The fonts in this are embedded (or likely to be). To replace the fonts with text outlines use

gs -sDEVICE=ps2write -dNOCACHE -sOutputFile=- -q -dbatch -dNOPAUSE -dQUIET box.pdf -c quit | ps2pdf - box-nofont.pdf


Response to Tom Hoffman's "Peter Greene on Tenure"

Response to "The threat of firing is the great 'Do this or else...'" in Tom Hoffman's Peter Greene on Tenure:

On the whole I find that teachers take on too much accountability and the administration too little. To some degree this is self imposed. I don't know of any other profession that has such a shallow managerial hierarchy. The whole point of a manager is to make this kind of crap go away -- if not in actuality then at least from visibility. Tenure is not the solution and, understandably, sets up teachers for further criticism as being detached from appropriate accountability and economics of their employment. Teaching needs to add management and remove tenure.

Inner curmudgeon awoken

My inner curmudgeon was awoken this morning when I read of yet another OS X application for note taking with cloud storage and a corresponding web application. Doesn't anyone know how to use a text editor in conjunction with a remote file service like Google Drive, et al? And, for the vast majority of users, there is no purchase price or recurring fees.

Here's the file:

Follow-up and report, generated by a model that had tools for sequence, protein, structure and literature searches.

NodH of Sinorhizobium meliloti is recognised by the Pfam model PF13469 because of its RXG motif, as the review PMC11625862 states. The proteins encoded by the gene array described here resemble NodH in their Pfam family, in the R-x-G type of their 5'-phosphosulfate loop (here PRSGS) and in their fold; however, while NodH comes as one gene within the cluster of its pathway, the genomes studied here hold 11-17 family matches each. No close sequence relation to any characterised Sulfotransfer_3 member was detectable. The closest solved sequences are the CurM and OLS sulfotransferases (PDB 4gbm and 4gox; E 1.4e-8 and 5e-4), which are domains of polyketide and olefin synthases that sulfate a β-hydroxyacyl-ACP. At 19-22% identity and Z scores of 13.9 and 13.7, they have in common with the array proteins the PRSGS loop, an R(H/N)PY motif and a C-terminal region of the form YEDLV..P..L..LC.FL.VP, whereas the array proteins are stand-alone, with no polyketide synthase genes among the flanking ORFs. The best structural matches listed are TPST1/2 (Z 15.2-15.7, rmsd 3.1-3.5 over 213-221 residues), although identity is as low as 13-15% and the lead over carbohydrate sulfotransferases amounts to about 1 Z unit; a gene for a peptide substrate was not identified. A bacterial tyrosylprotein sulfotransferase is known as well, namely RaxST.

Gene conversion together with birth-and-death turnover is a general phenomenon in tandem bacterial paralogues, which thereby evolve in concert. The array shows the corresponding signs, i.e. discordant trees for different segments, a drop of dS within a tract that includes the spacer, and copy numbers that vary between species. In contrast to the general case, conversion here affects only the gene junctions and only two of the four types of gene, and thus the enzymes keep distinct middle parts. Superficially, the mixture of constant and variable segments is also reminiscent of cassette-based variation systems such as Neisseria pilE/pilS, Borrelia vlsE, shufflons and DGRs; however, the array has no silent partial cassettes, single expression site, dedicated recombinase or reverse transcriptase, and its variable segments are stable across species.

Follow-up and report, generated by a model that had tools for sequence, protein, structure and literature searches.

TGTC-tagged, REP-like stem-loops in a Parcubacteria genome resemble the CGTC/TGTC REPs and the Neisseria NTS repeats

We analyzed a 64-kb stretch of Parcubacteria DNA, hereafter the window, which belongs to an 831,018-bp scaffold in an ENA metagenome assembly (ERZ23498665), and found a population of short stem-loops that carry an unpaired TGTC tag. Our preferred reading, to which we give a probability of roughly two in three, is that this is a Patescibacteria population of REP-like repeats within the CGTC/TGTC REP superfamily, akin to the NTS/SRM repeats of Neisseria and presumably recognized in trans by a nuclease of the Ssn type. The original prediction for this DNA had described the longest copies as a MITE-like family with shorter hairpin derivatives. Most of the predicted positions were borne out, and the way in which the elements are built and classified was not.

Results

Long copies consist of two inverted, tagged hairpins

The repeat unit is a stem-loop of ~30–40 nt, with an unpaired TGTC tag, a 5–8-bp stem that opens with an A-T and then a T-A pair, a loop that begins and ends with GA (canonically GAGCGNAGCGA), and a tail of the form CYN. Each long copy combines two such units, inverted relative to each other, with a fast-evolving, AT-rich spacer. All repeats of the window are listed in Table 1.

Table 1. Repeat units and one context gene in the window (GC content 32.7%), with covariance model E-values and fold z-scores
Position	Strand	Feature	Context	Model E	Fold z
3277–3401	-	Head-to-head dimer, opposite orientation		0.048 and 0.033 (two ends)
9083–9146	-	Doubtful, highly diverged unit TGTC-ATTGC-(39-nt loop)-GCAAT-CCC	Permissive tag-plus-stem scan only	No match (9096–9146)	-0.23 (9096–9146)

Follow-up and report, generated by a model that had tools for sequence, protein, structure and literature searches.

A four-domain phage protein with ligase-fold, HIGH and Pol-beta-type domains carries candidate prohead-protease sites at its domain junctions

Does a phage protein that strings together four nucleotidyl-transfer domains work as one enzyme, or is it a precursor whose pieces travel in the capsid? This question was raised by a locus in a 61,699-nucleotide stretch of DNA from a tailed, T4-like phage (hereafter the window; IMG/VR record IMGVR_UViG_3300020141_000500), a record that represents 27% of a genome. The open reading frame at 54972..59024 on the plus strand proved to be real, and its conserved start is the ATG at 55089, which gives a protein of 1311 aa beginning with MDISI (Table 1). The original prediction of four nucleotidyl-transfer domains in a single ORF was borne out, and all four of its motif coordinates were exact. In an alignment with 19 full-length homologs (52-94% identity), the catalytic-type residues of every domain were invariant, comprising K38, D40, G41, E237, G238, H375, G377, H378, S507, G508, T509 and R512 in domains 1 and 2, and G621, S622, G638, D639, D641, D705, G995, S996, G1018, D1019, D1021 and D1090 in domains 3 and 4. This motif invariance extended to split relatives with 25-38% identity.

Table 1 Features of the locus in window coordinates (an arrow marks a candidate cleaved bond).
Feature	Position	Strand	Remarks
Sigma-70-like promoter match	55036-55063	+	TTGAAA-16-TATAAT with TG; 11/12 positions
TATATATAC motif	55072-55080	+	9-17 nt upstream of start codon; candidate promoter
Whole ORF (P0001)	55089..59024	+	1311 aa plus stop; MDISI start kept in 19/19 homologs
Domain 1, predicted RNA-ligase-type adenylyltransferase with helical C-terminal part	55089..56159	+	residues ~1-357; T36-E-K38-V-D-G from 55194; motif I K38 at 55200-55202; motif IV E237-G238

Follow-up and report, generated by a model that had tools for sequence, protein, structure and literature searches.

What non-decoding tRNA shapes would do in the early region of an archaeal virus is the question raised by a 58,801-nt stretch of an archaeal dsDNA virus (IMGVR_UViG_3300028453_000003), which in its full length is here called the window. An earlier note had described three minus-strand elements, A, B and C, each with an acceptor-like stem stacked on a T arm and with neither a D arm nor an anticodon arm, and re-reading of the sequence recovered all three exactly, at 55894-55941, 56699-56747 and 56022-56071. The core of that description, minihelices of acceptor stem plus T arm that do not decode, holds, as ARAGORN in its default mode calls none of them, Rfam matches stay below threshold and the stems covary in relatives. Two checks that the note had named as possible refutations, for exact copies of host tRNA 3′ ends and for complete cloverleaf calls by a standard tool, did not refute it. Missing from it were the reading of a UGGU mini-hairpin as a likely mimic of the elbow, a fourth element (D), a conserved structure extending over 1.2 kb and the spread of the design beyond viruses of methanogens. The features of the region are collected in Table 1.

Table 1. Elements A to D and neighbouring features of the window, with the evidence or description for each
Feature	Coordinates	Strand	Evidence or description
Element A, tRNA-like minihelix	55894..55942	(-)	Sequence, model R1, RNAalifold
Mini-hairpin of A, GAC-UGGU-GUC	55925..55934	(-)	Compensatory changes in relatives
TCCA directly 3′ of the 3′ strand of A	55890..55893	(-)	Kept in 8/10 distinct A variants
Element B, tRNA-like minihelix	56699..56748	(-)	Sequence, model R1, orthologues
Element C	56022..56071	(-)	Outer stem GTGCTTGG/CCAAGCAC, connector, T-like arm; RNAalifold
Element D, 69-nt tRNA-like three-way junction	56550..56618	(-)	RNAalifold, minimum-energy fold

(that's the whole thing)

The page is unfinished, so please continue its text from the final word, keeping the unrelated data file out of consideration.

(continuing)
I want a Markdown "during-view"

I like that Markdown and its kin have been adopted by more than just the geek community. The simple inline directives do not take away the focus of writing the text and the formatting available covers most of needs. However, the trend to provide an immediate, fully formatted view of the text is misguided. These "previews" take away from the goal of maintaining focus on the text and not it's presentation.

However, I too like the comfort of a correctness that comes with seeing a full formatted document and especially so with regards to sections and lists. What Markdown editors need is not preview but a kind of WYSIWYG presentation that keeps the primacy on the text and secondarily on the structure of the text. A means of doing this is to present the inline directives with formatting and the directives too. Thus, when I type *emphasize me* it is shown in the editor as *emphasize me*. If I use a heading directive

A short work
it presented for editing as
A short work

I did once see this kind of editor in a Java wiki application, but I have long since lost my reference too it. Perhaps it will resurface again as the Markdown tools authors rediscover this style of editing.

I am not going to create another account just to use your feature

Dear Marco,